When I was sent a Pentax K3 Mark III Monochrome for review, I must admit that I didn’t know what to expect. Releasing an APS-C DLSR in 2023 – one that only captures monochrome images – is quite a bold move, and the K3 Mark III Monochrome is in fact the only camera in existence that can claim these unique specifications. After using the camera for a few weeks, however, I have found a lot to love about the K3 III Monochrome, and it doesn’t begin or end with the monochrome sensor.
Build Quality and Handling
The first thing that struck me about the K3 III Monochrome was the robust build quality of the camera. Since the Monochrome is based on the K3 III, Pentax’s flagship DSLR, I expected it to be made well, and it most certainly is. The camera is not small, but it is compact for a flagship, and it weighs in at 735 grams. The grip is deep and very comfortable, which added to the shooting experience with the 16-50mm, which is a fairly large lens.
Although there are quite a few buttons, dials, and knobs on the exterior of the camera, it took me a very short amount of time to become familiar with each one, and within a few hours of experimenting with the K3 III Monochrome, I felt completely at home with it. The control layout is intuitive and offers a great deal of customization as well as small touches that users will appreciate. For instance, the PASM dial has a lock button in the center, which needs to be pressed in order to change settings. This is, of course, nothing unique for a DSLR. But, there is another lock switch located at the bottom of the PASM dial, which allows the user to disengage the lock and rotate the dial freely without having to press the center button. This was one of many small but appreciated details I discovered using the camera.
Another appreciated detail is the unmarked rotating dial on the top plate of the camera. By default, this dial is set to adjust autofocus settings. I was easily able to map this dial to control the ISO, which made the entire operation of the camera very seamless for someone like me who prefers to shoot in manual. With this change, the front command dial controls shutter speed, the rear command dial, aperture, and the top dial, ISO. Easy, and so appreciated! Another smart design is the Off/On switch circling the shutter button. On many cameras, a pull past the “on” setting will light the LCD screen, but on the Pentax, it engages depth of field preview.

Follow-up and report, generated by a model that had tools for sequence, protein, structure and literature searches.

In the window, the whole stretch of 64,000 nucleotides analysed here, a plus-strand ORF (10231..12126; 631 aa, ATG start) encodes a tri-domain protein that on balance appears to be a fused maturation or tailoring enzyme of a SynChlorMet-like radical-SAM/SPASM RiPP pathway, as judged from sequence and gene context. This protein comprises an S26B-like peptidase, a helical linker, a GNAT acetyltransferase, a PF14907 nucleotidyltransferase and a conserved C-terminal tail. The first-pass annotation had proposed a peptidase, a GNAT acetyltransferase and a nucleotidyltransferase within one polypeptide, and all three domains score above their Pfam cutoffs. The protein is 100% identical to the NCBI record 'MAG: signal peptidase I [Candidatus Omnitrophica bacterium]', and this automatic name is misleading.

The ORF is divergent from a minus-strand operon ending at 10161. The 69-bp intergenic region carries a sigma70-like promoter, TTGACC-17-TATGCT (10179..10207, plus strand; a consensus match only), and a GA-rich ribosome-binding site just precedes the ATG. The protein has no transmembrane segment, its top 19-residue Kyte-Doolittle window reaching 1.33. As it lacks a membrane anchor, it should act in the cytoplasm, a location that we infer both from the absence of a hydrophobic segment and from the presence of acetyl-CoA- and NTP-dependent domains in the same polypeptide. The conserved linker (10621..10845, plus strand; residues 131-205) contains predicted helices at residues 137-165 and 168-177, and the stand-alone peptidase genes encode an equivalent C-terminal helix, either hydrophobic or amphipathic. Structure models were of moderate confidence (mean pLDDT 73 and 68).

I found the operation of the K3 III Monochrome, including the location of buttons and dials, as well as the menu system, to be straightforward and laid out very well. This means that users considering this camera who have been with other camera systems have very little to worry about regarding learning a brand new system. The quirkiest feature I found was the TAv mode, which combines aperture and shutter priority, meaning you can freely change both of these settings, while the camera chooses the ISO for you.
A DSLR in 2023?
DSLRs are dead! Long live the DSLR! We’ve heard these sentiments before, of course, and I personally have been using mirrorless cameras exclusively for almost two years now, so the thought of using a DLSR again was not something that excited me. Here again, the K3 III Monochrome surprised me, because I found myself greatly only enjoying the experience shooting with a DSLR again. Much of this is due to the camera itself and not to DSLRs in general. For example, the autofocus is fast and accurate and the viewfinder is bright, with 100% coverage, which makes composing images easy in a variety of lighting situations.